Sunday,
June 2, 2019

Sunday,
June 2, 2019

Category:

University Remembers Longtime BBS Professor James C. Bartlett

June 2, 2019

Dr. James C. Bartlett

Dr. James C. Bartlett, Ashbel Smith Professor of Psychology and a faculty member for 44 years in the School of Behavioral and Brain Sciences (BBS) at The University of Texas at Dallas, died on June 1 at the age of 70.

Bartlett, whose scholarly specialties ranged broadly over cognitive neuroscience and cognitive psychology, made many significant contributions to the research and teaching missions of the University. In addition to these core faculty responsibilities, Bartlett provided leadership to UT Dallas in a variety of important capacities. He served as associate dean of the School of Human Development (the prior name of the School of BBS) from 1989 to 1992; as dean of graduate studies and research from 1992 to 1994; as speaker of the UT Dallas faculty from 1996 to 1998; as chair of the UT System Faculty Advisory Council from 2004 to 2005; and as head of the PhD program in cognition and neuroscience from 2004 to 2015. Most recently, Bartlett served as the interim dean of BBS from 2015 to 2018, providing crucial leadership after the death of Dean Bert Moore.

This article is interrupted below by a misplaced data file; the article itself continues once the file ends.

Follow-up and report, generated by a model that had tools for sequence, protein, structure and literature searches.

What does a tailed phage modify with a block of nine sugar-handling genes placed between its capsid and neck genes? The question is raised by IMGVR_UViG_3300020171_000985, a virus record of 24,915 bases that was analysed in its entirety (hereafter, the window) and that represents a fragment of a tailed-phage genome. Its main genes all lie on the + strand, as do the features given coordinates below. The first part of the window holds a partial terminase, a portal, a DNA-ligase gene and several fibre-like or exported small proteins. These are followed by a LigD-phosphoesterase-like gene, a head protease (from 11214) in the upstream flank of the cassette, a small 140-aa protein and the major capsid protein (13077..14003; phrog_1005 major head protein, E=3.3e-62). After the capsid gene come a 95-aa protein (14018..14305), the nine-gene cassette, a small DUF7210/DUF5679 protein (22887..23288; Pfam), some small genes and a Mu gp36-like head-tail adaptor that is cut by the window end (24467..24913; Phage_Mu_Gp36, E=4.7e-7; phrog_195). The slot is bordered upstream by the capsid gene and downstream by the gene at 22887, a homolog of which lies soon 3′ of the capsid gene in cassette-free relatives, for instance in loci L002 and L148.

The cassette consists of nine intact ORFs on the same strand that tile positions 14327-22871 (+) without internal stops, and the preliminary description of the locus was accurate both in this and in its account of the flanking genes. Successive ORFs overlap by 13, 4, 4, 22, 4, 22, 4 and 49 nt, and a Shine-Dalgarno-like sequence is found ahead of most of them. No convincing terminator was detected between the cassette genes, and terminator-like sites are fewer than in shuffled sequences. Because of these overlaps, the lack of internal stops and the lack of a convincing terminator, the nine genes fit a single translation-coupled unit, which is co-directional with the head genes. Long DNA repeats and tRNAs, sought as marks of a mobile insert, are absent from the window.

‘Perfect Colleague’

“Dr. Bartlett was the perfect colleague,” said Dr. Inga Musselman, provost and vice president for academic affairs at UT Dallas. “In addition to his distinguished research and teaching career as a faculty member, Jim, over the course of 30 years, stepped into key administrative positions, sometimes under suboptimal circumstances, imparting his carefully honed leadership skills and inherently optimistic and happy outlook. He was always uplifting. It is with particular gratification that, as provost, I have been able, through the resources provided by the philanthropy of Margaret McDermott, to create in Jim’s honor a new endowed faculty position for BBS, the James Bartlett Professorship.”

Dr. James C. Bartlett delivered the keynote address at the summer 2018 Doctoral Hooding Ceremony, congratulating the students on their perseverance and reflecting on his experiences in the 1970s as a psychology doctoral student at Yale University.

Dr. Hobson Wildenthal, executive vice president of UT Dallas, who worked with Bartlett for over two decades, stated, “Jim was a faculty colleague who everyone could enjoy and treasure, particularly those in positions of administrative responsibility. His professional accomplishments were impeccable, his sense of duty and loyalty to the University was always foremost, and he manifested a cheerfully positive demeanor that was unimpaired by his concurrent mature acceptance of human realities.”

Bartlett received his bachelor’s degree from UT Austin in 1970 and his PhD from Yale University in 1975 — the same year he took his first and only faculty appointment at UT Dallas, in the first year that the school admitted undergraduates. He was promoted to full professor in 1990. Bartlett was a member of the American Psychological Society, the Psychonomic Society, the Southwestern Psychological Association and the Configural Processing Consortium.